From the PAI Union News Service
The International Longshore and Warehouse Union (ILWU) on Aug. 29 ended its affiliation with the AFL-CIO. The action comes less than year after the ILWU joined with five other unions to form the Maritime Labor Alliance.
The newly established Alliance includes the ILWU, the American Radio Association, Inlandboatmen’s Union, the Marine Engineers’ Beneficial Association (MEBA), the International Organization of Masters, Mates & Pilots (MM&P), and the International Longshoremen’s Association (ILA).
MM&P President Don Marcus is president of the Alliance, and MEBA President Mike Jewell is secretary-treasurer.
In a letter to AFL-CIO President Richard Trumka dated Aug. 29, 2013, ILWU President Robert McEllrath cited jurisdictional disputes as part of the reason for disaffiliating. McEllrath was particularly upset by the AFL-CIO’s decision to stay out of a conflict his union had with Operating Engineers at EGT grain terminal in Longview, Washington. But McEllrath also criticized the AFL-CIO for “overly compromising positions” on a path to legalizing immigrants, on letting the health care revision law tax high-value health insurance plans, and on allowing immigrant visas to benefit corporations.
The ILWU represents 50,000 workers on the docks and in other industries in Washington, Oregon, California, Alaska, Hawaii, and Panama. It has roots with the old Wobblies (International Workers of the World), and was an early affiliate of the Congress of Industrial Organizations (CIO). In 1950, the ILWU and 10 other unions were kicked out of the CIO for allegedly being led by communists. It wasn’t until 1988 that the ILWU joined the merged AFL-CIO.
At a press conference on Sept. 8 — before the start of the quadrennial AFL-CIO convention in Los Angeles — Trumka called the ILWU’s disaffiliation a “tragic situation,” stating that he had no idea the ILWU was planning on exiting the AFL-CIO.
Later at the convention the ILA announced that it would remain with the AFL-CIO. ILA President Harold J. Daggett — noting that solidarity charters will not be offered to ILWU locals or any other union that departs — said his union valued its affiliations with state and local AFL-CIO councils and the protection they provided ILA members.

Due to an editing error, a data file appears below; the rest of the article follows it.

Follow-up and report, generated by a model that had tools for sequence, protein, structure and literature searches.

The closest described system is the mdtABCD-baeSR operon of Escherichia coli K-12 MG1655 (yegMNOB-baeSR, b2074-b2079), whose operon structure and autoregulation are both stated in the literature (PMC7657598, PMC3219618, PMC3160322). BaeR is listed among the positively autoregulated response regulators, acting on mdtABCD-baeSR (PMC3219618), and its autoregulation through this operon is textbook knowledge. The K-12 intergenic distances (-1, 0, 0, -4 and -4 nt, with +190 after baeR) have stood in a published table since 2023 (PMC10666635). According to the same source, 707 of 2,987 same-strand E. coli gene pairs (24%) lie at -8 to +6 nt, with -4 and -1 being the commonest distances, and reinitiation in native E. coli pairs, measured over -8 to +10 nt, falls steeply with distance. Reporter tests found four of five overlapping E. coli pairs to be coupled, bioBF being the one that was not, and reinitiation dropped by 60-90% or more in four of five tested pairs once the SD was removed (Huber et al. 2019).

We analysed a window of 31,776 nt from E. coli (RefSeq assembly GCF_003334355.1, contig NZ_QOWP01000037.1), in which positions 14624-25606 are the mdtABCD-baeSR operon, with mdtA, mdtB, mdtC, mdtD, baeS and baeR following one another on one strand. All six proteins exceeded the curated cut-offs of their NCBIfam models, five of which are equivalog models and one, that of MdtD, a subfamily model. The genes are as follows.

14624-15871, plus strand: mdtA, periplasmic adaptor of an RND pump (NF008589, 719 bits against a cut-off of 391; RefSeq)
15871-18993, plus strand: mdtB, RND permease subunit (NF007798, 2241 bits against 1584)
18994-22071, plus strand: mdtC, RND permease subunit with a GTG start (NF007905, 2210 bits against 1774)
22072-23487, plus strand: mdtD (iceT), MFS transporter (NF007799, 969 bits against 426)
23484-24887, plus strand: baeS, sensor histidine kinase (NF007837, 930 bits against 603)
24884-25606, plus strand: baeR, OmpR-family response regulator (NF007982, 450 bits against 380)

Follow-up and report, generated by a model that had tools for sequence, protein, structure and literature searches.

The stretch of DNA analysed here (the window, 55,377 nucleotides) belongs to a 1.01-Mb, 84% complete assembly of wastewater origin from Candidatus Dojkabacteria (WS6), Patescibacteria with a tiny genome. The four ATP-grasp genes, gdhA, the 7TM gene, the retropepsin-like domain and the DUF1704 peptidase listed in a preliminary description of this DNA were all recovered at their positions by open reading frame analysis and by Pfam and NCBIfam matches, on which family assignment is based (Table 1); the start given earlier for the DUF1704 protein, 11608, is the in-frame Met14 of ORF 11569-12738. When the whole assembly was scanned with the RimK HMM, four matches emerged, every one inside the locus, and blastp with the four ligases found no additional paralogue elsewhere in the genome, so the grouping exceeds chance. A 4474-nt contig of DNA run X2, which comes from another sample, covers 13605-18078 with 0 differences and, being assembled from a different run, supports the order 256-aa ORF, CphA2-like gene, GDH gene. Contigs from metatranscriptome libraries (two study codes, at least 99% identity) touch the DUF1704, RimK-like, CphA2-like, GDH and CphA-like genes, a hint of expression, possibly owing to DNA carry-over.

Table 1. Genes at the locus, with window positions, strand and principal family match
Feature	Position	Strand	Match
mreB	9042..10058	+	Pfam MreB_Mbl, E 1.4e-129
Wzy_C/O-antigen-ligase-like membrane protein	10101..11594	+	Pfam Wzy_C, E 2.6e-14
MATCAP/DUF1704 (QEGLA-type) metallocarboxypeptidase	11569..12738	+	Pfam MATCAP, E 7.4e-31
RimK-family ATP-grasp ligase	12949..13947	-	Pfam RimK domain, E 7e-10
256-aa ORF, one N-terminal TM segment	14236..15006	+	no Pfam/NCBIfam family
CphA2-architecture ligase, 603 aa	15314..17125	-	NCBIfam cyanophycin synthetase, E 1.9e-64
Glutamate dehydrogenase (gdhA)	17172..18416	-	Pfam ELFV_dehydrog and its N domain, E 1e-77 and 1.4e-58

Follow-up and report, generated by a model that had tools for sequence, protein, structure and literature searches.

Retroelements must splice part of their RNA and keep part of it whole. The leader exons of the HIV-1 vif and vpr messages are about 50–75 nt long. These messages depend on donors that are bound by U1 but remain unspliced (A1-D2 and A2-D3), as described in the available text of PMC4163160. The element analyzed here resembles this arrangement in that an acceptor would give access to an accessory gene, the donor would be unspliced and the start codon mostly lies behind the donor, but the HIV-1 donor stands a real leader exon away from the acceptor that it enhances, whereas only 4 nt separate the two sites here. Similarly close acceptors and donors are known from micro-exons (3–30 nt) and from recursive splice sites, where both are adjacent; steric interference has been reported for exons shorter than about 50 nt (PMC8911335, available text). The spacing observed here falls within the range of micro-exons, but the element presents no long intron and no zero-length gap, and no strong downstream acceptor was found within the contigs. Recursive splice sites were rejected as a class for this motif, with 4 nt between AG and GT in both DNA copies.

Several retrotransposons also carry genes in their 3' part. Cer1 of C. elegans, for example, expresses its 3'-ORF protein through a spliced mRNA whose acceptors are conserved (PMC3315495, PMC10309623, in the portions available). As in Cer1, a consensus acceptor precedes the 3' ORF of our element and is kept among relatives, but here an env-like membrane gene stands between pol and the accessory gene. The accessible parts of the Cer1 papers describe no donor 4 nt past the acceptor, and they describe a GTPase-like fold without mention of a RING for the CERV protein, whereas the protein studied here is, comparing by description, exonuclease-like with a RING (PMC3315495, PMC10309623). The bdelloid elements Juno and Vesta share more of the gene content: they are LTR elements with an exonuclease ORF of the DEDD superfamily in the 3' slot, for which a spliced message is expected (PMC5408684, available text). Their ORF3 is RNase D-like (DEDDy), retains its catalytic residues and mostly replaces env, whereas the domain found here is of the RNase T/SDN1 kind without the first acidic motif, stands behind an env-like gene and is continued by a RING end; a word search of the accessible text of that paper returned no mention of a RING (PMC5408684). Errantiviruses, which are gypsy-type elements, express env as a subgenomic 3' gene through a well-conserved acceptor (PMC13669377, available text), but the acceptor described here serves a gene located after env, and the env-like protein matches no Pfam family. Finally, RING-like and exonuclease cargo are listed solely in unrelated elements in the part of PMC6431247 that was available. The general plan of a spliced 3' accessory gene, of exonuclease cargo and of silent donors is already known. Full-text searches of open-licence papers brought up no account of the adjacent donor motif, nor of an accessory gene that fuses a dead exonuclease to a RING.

The following day, Daggett was elected to one of 55 seats on the AFL-CIO’s Executive Council.
“We are delighted that Harold Daggett now joins the AFL-CIO Executive Council,” said MM&P’s Marcus. “Our Maritime Labor Alliance is more important now than ever and Harold Daggett will provide the MLA with a strong voice to protect our maritime and labor interests.”
The ILWU is currently in a contract dispute with the Pacific Northwest Grain Handlers’ Association, which covers six grain terminals in Oregon and Washington. In February, foreign-owned United Grain locked out ILWU Local 4 members in Vancouver, and in May, foreign-owned Columbia Grain locked out ILWU Local 8 members in Portland. No bargaining is taking place at this time.
Contract talks for West Coast dockworkers begins next year. The existing agreement expires June 30.
McEllrath concluded his letter to Trumka with a short olive branch. He said ILWU is “committed to working in solidarity” with other unions, including the federation and its members “for advancement of workers’ rights and progressive causes.”
Editor’s Note: Local union officers of the ILWU sit on the executive boards of the Oregon AFL-CIO, the Northwest Oregon Labor Council, the Southwest Washington Central Labor Council, and the Washington State Labor Council, AFL-CIO.